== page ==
I was waiting a long time for the latest chapters of "The Chaotic Touch of Harmony" by Law Abiding Pony to come out. And when I saw that "Complete" marker on the second arc, I couldn't resist reading the whole thing from the beginning.
Aside from reinforcing that I really love this story, a couple of things really stood out to me. Mostly pertaining to writing style, but before I get to that, let me give my impressions of the story.
tl;dr version: I strongly recommend this work!
First off, the tags include sex, gore, AU, human, and mature. This is a scary combination. Most authors would use this kind of tag combination to thoroughly rape the MLP concept. But this one actually uses these tags well.
Err... except for the AU tag. I've ranted on this before, but the Alternate Universe tag is for a setting that is incompatible with the show. NOT for one that deviates from the show. If the events leading up to season 1 episode 1 occurred in the timeline of your story, then you are not writing in an alternate universe.
Okay, rant over! Now, the sex and gore scenes are few and far between, but I feel that they do add to the story. But be warned! The sex is... not erotic. This is partially because of what the scenes call for, but mostly it's because the author just isn't very good at it yet. So if you are looking for clop, look elsewhere.
The gore is done far better, but still not too bad. And is only actually disturbing in the guest chapter near the end of arc 2.
Overall, I'd say that this story only barely earns it's M rating. If this was on TV, I'd rate it PG-13.
Now, on to the technical stuff:
The first thing that I noted is that this whole story is written in an odd blend of third person omniscient and third person limited. First things first: these terms should be clearly defined, as many people seem to get this mixed up.
"Third person" is where the story is told from outside the characters perspective. In this style, it is not the character telling the story. Rather, it is a narrator speaking to the reader. A key trait of this style is a distinct lack of personal pronouns (I, we, us, me) in the prose (prose is the text outside of dialog (dialog includes thought)).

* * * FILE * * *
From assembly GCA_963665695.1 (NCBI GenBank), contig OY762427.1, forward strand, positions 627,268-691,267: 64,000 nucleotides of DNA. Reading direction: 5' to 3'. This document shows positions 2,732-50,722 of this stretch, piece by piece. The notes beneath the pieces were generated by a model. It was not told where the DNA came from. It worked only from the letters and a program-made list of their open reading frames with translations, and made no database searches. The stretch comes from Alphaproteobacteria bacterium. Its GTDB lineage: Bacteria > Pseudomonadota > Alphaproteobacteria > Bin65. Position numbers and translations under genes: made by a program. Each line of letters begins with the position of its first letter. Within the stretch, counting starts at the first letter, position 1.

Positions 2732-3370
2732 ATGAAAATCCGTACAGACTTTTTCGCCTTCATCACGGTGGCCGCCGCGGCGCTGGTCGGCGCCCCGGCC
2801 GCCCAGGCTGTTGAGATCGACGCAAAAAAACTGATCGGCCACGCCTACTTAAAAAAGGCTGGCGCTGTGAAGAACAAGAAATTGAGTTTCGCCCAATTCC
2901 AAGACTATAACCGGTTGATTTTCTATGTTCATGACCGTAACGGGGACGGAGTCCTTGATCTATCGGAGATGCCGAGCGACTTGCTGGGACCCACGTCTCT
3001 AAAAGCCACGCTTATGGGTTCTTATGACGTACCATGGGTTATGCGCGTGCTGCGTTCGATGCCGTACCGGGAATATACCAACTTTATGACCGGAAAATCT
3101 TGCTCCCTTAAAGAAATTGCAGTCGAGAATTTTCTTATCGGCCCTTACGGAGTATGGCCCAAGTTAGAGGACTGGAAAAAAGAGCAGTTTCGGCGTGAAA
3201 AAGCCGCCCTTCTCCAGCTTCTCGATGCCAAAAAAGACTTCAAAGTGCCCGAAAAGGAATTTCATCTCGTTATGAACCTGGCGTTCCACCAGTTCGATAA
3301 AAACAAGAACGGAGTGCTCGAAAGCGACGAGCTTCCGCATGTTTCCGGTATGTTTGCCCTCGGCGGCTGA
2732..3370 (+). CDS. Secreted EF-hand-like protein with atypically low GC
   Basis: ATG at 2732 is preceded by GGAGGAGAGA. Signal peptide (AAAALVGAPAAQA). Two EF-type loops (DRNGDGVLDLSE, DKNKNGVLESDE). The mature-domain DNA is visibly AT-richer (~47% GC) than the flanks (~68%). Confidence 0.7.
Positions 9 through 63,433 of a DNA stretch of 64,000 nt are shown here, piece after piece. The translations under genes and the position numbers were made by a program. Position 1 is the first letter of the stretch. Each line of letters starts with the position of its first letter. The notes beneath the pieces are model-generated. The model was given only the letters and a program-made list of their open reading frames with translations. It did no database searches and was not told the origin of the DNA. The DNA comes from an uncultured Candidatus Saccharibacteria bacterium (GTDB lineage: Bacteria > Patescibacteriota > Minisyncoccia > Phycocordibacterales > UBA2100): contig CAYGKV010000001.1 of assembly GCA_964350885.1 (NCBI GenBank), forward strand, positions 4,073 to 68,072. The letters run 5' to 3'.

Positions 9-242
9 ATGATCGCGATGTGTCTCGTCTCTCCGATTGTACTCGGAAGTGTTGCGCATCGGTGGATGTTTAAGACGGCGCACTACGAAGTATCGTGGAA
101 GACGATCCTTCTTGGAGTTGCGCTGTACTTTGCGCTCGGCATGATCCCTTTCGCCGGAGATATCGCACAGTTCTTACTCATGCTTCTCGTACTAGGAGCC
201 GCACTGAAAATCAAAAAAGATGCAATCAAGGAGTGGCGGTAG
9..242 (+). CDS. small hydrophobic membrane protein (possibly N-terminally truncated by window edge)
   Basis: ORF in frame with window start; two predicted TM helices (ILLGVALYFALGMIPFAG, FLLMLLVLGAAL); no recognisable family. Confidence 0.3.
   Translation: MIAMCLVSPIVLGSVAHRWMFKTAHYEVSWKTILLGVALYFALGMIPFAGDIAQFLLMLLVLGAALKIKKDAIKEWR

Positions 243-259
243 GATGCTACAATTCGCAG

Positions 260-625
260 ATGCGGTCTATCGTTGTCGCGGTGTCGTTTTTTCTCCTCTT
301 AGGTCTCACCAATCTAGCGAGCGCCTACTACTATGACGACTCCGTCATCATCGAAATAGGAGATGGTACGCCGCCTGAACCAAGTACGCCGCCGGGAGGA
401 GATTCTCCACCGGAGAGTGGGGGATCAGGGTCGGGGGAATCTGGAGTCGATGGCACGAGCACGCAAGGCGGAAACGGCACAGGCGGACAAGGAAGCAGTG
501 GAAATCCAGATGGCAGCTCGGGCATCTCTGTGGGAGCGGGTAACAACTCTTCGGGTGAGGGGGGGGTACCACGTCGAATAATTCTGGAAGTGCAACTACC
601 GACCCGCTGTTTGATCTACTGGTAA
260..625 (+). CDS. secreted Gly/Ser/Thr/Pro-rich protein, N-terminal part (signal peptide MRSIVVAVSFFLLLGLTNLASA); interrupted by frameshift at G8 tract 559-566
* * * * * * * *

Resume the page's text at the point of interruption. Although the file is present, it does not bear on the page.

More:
Within this style, third person omniscient is where the narrator has perfect knowledge of everything. The upside of this is that this style makes it easy to simply state what each character is thinking. The downside is that it makes it harder for readers relate to any single character, making it harder to invest in the story.
Third party limited is where the narrator follows a single character and only relays what the character being followed knows. This is by far the most common style for fiction because it incorporates the ease of feeding the reader information with the relatability of first person (where the character is the narrator).
In this story, the narrator follows a single character, but will sometimes jump from one to another to feed the reader the thoughts of other characters before returning to the primary character being followed. This practice, while effective in conveying raw information to the reader, has a habit of interrupting the flow of the story; as the reader must then step out of the mindset of the protagonist they are following, think like someone else for a second, then get back into the mindset of the protagonist. This can also be confusing as that shift in targets sometimes feels like a scene transition where there is none.
For me, the most frustrating part is that all of this can be conveyed to the reader through the primary character, without the need to interrupt things to inject the thoughts of others.
For a random example, in chapter 19 of arc 1:
In this chapter the story has been following the earth pony mare Crimson. And here we see her start talking to the unicorn Reed: